Another photographer, Deanna Lawson, is from Rochester, NY and now lives in Brooklyn. She exhibited oddly disturbing photographs of ordinary people. “Nicole” shows a very young black woman posing provocatively on a rug in her home, with a child’s plastic dollhouse neatly organized in the area behind her. And “Uncle Mack” is a middle-aged black man sitting in what looks like his living room with a rifle in his lap. The photographs of streets scenes include young men using gang signs embedded in their tattoos and in their hand gestures.

                  Celeste Dupey Spencer presented a room of sketch-like drawings of mostly white, working-class people. A black-and-white scene of a Donald Trump rally features the saying, “Cause we don’t know what the hell is going on.” An interior drawing of older, more middle-class and hippyish women is called “Matriarchs of the Hudson Valley.”

                   I would be remiss if I did not mention the controversial painting of Emmett Till in his casket by Dana Shutz. Maya Stovall also exhibited some interesting short films of herself and another woman dancing in down-and-out Detroit neighborhoods. These clips also feature local residents talking about their communities. I believe she is sincerely using her art as a vehicle to understand poverty and racism. Perhaps it would have been ideal if the painting had been executed by an African-American.  But looking at disturbing issues from varying viewpoints is useful and may be enlightening. Her work keeps this tragedy in the public eye, maybe introducing it to younger people who have not previously been exposed.

Shara Hughes,  In The Clear,  2016. Oil, acrylic and dye on canvas, 68 x 60 in. (172.7 x 152.4 cm).

Shara Hughes, In The Clear, 2016. Oil, acrylic and dye on canvas, 68 x 60 in. (172.7 x 152.4 cm).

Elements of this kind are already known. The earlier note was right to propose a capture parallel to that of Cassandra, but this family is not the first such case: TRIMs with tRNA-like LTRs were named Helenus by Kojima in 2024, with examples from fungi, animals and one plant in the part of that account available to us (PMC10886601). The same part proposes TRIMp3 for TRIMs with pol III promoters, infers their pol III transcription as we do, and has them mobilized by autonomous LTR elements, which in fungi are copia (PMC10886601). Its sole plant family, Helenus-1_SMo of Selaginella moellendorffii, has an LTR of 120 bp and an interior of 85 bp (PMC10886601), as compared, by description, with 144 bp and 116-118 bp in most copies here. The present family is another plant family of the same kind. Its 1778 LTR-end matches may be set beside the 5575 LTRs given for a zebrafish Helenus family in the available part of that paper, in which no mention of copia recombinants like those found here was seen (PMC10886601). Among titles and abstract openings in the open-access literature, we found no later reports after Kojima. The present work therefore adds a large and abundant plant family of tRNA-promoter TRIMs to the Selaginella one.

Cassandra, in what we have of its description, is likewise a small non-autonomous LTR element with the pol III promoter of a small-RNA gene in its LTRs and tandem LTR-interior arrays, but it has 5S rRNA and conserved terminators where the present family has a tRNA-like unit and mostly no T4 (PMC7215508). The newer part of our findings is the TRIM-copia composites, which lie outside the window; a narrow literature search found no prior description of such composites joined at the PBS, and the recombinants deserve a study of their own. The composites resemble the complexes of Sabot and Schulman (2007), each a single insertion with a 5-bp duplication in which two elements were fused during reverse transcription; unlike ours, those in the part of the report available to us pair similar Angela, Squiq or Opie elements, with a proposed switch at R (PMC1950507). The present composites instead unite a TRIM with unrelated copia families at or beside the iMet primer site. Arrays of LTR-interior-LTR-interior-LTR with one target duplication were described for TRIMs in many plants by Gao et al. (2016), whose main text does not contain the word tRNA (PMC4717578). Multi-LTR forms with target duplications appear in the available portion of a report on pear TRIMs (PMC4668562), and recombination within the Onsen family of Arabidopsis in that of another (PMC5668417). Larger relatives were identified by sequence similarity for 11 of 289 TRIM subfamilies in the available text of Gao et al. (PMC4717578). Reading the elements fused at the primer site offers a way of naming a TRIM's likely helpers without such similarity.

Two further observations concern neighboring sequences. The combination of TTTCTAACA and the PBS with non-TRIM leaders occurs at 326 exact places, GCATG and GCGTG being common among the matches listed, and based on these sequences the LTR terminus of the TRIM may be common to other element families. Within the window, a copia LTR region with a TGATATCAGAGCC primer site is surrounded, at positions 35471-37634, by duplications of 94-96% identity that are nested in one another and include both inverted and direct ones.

In the abstract section of the Biennial Shara Hughes filled a room with almost airbrushed-looking lush jungle landscapes. “In the clear,” is a scene of waterfalls, palm trees and brightly colored flowers. Despite the bright colors, the paintings are brash without being in the least tacky or crass. Carrie Moyer’s abstractions are even less representational. They are three-dimensional and layered, as if being viewed through cut-out screens, and use a technique of poured acrylic paint.  A lattice-type cutout is the top layer. “Swiss Bramble,” uses a blue cutout with black lozenge-type spots on it, covering a yellow, green and blue abstraction.

                  “Claim,” by Pope.L a.k.a. William Pope, is a big pink room set inside the real room. At first it looks like it is covered with thousands of vaginas, but it turns out they are pieces of bologna, each with a small picture of a perceived Jewish person. Does this have to do with being kosher? Assimilation? Who knows? My main impression is that it must have been very labor-intensive to conceptualize and construct.

Carrie Moyer,  Swiss Bramble , 2016. Acrylic and glitter on canvas, 84 x 78 in. (213.4 x 198.1cm).

Carrie Moyer, Swiss Bramble, 2016. Acrylic and glitter on canvas, 84 x 78 in. (213.4 x 198.1cm).

             This Biennial, the 78th, features 63 artists and collectives, considered by the curators to exemplify the current state of American art. There’s no lack of diversity in this Biennial, which includes artists who live in America, but are from many different countries and of grow out of different ethnicities. There are sections reflecting different tastes and perspectives. There’s a renewed presence of painting, a lot of very topical and powerful photography, and some truly escapist installations.